One of my classes has completed a unit on etymology recently and I am now inspired by the idea that I might be able to invent a new word myself. In fact I might even make a genuine contribution to the language and discuss a concept that has been bugging me for ages all at the same time. Amazingly, I suspect there is no word for the concept I’m thinking of and, since a quick check online informs me (note this – it is important I did this) that my new word doesn’t yet exist with another meaning, here I go.
We live in the information age and authoritative facts lie at our fingertips. So why is it that half understood concepts that don’t stand up to scrutiny still proliferate? There was a time when the general public could be excused of collective naivety but time has passed. We all spend too much time linked to smart phones these days to get away with that excuse.
I think the first thing that needs to be done is to give the phenomenon a name. Something that doesn’t have too nasty a connotation but describes an undesirable thing nevertheless. Something that sounds ‘bumpy’ like riding a bike down a rocky hill without your feet on the pedals. Something like this.
adjective 1. In accordance with assumed principles broadly accepted in society but not supported by evidence: the idea that asylum seeking refugees who come to Australia without paperwork are queue jumpers and law breakers is probabalogical.’
Ok, so I’ve chosen an example that probably wouldn’t make it to dictionary.com on account of its political sensitivity (here in Australia at least) but it’s currently my word and it’s definitely my blog so I’ll stick with it as it also happens to illustrate my ulterior motive.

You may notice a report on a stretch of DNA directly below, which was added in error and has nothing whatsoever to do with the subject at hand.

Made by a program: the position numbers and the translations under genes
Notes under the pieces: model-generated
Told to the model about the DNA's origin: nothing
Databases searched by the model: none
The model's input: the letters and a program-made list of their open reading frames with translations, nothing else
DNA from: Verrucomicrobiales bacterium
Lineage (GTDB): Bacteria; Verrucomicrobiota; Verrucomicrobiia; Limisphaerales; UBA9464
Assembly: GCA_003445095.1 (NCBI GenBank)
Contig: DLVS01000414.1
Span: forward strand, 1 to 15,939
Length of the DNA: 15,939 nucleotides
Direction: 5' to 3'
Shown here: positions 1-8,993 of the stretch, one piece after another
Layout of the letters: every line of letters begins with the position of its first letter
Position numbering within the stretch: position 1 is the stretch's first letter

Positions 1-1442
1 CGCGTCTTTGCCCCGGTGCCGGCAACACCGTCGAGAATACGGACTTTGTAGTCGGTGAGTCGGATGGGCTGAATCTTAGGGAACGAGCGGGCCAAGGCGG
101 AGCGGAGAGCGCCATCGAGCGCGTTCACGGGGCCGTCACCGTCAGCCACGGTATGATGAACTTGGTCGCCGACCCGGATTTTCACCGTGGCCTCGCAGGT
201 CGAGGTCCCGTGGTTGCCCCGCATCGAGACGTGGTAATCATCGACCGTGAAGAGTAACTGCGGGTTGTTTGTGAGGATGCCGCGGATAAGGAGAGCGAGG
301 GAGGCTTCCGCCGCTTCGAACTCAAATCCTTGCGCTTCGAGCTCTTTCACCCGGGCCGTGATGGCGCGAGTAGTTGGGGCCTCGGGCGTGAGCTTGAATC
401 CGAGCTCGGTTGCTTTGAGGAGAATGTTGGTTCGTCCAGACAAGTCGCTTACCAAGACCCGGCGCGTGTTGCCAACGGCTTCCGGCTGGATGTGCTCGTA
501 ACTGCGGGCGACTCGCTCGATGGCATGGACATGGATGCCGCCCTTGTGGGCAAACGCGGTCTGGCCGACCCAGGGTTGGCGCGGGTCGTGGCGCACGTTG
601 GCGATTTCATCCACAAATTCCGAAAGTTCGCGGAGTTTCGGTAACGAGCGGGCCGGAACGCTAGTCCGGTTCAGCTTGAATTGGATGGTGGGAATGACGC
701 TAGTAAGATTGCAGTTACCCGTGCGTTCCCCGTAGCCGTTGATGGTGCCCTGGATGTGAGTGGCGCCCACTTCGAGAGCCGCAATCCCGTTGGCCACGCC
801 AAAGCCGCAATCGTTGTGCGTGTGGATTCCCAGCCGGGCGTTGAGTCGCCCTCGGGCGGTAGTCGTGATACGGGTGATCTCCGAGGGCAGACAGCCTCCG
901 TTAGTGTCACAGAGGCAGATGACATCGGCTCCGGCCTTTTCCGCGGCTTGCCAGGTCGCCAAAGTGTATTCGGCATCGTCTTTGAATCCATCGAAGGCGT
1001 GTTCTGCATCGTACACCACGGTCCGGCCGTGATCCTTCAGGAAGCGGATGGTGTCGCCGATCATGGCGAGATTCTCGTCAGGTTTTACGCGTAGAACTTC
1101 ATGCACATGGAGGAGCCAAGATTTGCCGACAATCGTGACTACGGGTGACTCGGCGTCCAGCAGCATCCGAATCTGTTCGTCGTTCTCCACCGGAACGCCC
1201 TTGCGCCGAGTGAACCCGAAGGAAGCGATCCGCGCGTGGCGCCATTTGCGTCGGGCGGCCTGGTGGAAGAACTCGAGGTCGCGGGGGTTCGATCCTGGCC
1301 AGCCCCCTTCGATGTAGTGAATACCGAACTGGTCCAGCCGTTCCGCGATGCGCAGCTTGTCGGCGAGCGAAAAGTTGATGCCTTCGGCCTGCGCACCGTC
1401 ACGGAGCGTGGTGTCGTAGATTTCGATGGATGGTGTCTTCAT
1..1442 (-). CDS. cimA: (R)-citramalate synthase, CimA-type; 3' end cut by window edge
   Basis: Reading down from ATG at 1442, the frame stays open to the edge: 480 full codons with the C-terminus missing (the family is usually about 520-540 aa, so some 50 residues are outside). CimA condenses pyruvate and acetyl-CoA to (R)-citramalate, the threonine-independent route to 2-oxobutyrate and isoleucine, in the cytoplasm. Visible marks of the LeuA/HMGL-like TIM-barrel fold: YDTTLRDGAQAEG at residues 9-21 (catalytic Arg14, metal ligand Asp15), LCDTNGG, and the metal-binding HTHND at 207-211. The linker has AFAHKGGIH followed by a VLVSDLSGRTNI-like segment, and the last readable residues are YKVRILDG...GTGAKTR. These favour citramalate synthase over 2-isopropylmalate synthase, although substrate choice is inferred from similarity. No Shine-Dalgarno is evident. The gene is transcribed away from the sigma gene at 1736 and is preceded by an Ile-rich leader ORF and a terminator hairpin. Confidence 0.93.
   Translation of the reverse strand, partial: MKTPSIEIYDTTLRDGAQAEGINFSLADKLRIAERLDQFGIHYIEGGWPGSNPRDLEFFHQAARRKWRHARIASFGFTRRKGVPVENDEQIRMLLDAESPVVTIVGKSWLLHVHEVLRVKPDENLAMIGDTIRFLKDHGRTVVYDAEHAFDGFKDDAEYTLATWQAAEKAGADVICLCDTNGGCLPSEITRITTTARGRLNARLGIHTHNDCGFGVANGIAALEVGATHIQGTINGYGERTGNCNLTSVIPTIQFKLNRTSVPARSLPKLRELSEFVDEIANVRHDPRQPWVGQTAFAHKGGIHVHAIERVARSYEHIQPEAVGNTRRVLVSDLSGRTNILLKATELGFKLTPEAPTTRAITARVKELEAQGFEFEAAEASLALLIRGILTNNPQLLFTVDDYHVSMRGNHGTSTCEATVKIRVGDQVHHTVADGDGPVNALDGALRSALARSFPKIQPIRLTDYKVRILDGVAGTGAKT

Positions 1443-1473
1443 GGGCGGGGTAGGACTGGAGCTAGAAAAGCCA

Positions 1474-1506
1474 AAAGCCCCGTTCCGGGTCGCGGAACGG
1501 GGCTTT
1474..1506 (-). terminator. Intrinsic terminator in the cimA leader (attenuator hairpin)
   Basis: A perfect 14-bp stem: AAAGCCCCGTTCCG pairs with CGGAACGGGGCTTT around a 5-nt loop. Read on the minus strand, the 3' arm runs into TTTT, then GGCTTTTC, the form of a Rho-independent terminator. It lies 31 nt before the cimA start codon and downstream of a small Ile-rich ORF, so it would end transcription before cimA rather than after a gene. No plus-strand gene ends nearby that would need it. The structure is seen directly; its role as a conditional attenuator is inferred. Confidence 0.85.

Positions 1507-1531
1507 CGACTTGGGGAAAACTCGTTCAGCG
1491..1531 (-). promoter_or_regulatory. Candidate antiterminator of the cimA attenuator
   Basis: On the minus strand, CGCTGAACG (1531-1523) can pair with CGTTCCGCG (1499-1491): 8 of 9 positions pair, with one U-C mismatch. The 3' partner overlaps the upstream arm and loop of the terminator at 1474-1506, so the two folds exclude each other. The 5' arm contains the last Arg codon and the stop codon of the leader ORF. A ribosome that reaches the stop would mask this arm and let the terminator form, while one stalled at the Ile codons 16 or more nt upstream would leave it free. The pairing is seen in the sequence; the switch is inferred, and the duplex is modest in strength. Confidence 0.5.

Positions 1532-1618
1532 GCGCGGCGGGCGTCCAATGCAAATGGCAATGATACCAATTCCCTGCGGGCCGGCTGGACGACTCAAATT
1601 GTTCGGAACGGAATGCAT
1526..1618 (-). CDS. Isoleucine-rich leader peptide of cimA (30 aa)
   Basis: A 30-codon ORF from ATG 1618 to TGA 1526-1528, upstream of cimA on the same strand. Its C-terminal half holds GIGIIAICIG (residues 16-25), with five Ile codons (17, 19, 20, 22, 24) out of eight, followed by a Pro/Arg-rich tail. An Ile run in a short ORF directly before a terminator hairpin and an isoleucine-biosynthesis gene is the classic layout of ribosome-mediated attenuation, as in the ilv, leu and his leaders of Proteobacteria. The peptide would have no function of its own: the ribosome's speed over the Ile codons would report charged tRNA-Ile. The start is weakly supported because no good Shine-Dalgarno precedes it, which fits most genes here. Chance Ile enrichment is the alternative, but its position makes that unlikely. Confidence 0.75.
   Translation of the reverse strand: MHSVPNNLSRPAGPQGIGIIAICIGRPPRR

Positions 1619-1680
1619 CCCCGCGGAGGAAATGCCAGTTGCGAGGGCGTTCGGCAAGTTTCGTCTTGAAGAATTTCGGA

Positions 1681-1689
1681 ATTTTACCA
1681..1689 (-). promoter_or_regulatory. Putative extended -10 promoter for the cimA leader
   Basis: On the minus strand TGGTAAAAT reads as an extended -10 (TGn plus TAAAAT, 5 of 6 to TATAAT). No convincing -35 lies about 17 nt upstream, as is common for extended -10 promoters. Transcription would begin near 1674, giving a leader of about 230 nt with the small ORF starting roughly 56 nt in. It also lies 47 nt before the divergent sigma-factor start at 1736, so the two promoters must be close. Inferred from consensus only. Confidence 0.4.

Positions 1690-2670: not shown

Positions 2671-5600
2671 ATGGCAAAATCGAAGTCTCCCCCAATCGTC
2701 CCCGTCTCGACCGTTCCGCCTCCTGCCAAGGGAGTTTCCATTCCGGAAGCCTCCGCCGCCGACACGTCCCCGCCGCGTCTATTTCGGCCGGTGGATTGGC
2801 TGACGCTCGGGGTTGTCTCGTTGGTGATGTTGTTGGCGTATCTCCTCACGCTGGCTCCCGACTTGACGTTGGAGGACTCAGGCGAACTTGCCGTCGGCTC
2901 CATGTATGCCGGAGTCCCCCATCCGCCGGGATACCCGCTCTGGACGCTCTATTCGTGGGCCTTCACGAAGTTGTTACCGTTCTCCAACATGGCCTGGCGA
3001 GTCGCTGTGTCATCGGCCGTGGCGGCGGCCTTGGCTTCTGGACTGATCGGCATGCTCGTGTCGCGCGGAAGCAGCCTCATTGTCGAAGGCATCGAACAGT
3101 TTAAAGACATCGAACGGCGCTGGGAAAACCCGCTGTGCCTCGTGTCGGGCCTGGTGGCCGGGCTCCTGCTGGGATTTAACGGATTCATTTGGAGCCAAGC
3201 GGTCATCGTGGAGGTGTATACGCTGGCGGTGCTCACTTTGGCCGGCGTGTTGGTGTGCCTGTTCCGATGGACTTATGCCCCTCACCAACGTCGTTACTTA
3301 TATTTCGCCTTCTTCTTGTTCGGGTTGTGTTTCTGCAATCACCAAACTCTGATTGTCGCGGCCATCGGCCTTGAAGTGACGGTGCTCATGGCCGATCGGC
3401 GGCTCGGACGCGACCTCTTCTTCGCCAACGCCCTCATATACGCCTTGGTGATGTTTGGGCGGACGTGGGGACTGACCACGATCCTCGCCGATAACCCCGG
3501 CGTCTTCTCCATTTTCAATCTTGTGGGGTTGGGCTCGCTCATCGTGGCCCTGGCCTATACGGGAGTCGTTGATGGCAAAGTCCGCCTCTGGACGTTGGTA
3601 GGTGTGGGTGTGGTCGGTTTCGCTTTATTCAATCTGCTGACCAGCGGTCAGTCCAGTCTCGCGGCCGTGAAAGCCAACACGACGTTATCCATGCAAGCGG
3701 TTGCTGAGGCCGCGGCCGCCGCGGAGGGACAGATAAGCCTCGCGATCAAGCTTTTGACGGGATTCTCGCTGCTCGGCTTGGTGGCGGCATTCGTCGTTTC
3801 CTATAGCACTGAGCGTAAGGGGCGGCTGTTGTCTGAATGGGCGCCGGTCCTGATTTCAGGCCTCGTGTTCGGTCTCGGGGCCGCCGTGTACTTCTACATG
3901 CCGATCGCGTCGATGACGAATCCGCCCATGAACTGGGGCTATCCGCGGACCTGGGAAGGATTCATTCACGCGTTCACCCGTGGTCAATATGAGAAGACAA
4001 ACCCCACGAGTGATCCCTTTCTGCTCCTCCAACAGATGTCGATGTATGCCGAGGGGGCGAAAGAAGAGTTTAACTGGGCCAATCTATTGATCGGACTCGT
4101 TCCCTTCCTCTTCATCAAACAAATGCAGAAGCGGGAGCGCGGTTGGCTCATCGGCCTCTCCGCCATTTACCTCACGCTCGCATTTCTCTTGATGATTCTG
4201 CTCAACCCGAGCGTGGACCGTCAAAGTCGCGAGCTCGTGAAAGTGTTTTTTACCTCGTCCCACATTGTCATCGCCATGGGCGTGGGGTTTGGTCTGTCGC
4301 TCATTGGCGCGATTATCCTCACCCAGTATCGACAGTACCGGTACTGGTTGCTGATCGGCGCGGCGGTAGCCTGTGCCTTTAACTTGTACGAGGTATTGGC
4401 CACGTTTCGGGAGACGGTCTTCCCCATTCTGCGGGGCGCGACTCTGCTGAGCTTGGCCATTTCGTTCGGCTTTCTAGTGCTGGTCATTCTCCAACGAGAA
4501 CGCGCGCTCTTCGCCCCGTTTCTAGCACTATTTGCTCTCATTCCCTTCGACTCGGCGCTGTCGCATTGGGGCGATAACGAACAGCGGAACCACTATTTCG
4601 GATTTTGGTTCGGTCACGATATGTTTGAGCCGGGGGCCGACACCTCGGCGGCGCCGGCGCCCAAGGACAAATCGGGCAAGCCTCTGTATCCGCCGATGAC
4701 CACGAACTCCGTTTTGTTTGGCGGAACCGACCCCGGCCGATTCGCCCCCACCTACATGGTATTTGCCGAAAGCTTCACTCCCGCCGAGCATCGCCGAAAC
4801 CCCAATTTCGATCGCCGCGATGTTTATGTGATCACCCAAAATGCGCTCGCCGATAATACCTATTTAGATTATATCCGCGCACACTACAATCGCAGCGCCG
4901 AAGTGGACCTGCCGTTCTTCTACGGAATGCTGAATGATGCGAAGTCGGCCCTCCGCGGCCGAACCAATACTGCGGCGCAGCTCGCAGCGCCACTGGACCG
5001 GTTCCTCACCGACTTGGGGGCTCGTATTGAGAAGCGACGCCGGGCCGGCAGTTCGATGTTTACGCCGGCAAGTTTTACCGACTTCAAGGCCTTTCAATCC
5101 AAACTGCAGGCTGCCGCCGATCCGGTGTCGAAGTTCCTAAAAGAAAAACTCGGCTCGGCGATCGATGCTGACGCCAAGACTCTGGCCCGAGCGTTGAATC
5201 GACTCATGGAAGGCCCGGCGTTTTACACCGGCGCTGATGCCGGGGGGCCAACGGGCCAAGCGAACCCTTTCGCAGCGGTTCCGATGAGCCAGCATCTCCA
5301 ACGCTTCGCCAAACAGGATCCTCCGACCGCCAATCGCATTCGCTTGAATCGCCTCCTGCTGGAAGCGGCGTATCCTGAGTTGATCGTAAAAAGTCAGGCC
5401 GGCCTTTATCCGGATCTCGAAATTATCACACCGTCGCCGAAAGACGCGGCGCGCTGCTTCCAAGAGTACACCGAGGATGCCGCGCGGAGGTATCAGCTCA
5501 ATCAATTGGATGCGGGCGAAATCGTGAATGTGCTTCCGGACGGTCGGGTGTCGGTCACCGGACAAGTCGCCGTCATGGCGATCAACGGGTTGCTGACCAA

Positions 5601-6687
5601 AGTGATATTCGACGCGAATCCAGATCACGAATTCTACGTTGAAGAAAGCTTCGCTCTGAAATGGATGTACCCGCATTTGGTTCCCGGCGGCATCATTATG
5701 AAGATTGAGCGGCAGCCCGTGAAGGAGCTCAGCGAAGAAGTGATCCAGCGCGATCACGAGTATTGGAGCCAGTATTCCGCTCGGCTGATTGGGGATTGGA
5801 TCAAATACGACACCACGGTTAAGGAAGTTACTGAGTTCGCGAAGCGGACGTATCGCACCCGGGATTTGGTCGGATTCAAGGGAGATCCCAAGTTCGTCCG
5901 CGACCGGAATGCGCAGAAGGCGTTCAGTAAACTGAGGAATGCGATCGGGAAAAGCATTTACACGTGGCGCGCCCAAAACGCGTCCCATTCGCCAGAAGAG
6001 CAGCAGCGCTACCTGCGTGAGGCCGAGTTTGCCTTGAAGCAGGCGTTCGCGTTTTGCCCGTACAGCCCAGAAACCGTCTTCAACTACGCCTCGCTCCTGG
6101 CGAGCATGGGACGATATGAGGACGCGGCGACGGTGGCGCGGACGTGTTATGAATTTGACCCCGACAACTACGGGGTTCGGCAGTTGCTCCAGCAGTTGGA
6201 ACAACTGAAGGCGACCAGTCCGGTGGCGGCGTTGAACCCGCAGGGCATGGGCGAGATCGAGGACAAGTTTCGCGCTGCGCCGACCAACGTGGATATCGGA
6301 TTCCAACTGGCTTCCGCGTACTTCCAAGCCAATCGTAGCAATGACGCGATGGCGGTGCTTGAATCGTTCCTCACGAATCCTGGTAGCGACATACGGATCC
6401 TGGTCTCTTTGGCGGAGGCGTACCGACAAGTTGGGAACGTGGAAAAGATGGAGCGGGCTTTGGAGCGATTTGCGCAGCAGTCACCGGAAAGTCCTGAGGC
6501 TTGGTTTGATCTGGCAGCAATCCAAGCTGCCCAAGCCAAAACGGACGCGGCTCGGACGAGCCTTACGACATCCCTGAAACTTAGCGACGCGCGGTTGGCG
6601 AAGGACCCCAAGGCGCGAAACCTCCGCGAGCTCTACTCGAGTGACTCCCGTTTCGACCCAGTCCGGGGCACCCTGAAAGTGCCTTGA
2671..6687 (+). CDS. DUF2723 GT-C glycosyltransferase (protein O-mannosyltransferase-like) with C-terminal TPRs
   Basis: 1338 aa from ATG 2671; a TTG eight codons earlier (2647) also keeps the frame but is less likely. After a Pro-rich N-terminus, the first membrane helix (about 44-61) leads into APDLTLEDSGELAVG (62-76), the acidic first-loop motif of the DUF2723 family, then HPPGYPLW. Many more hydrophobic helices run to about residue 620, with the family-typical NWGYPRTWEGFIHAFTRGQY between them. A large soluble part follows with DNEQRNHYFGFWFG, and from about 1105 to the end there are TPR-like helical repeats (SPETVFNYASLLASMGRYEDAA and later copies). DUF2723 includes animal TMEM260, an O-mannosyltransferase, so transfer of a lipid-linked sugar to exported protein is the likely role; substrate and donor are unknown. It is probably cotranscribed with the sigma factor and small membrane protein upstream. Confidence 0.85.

For the record, the United Nations lists as a human right a person’s capacity to seek asylum from persecution in their homeland. It doesn’t guarantee asylum, just the right to seek it, and it certainly implies that such people should not be demonised for their predicament.
And, since I’m in a clarificatious mood, I should also point out that the numbers of asylum seekers that come to Australia is ridiculously small by global standards and, even then, the refugees who get all the attention (those that arrive by boat) are a small fraction of a small fraction.
And the overwhelming majority of claims by such people are found (after years of scrutiny) to be legitimate.
These facts are well documented yet year after year, with heartbreaking consistency, I teach class loads of teenagers who believe the nation is being over run by sneaky and undesirable lawbreakers. It’s not as if there isn’t a wealth of information out there. It’s not as if the facts aren’t easy to find or grasp. It’s not even the case that my students are a generation of unempathetic narcissists – actually, most of the students I teach are quite keen on the idea of being active on social justice issues.
Their opinion on this issue is just probabalogical.
So there you go folks, have that one on me. In fact, have three new words for the price of one since ‘clarificatious’ and ‘unempathetic’ didn’t exist before this post either. Use it to describe any popular or widespread views that are demonstrably inaccurate. I’ve added it to my spell checker so that the squiggly red line no longer appears. Hope you feel it useful enough to do the same.
Oh, and should you come across probabalogicians, first take a deep breath and then, as helpfully and good naturedly as possible, suggest that they ‘Google it’.
Love it! whenever I challenge my students on the same phenomenon, they just write me off as ‘being a hippie’. Definitely adding probablogical to my vocab list!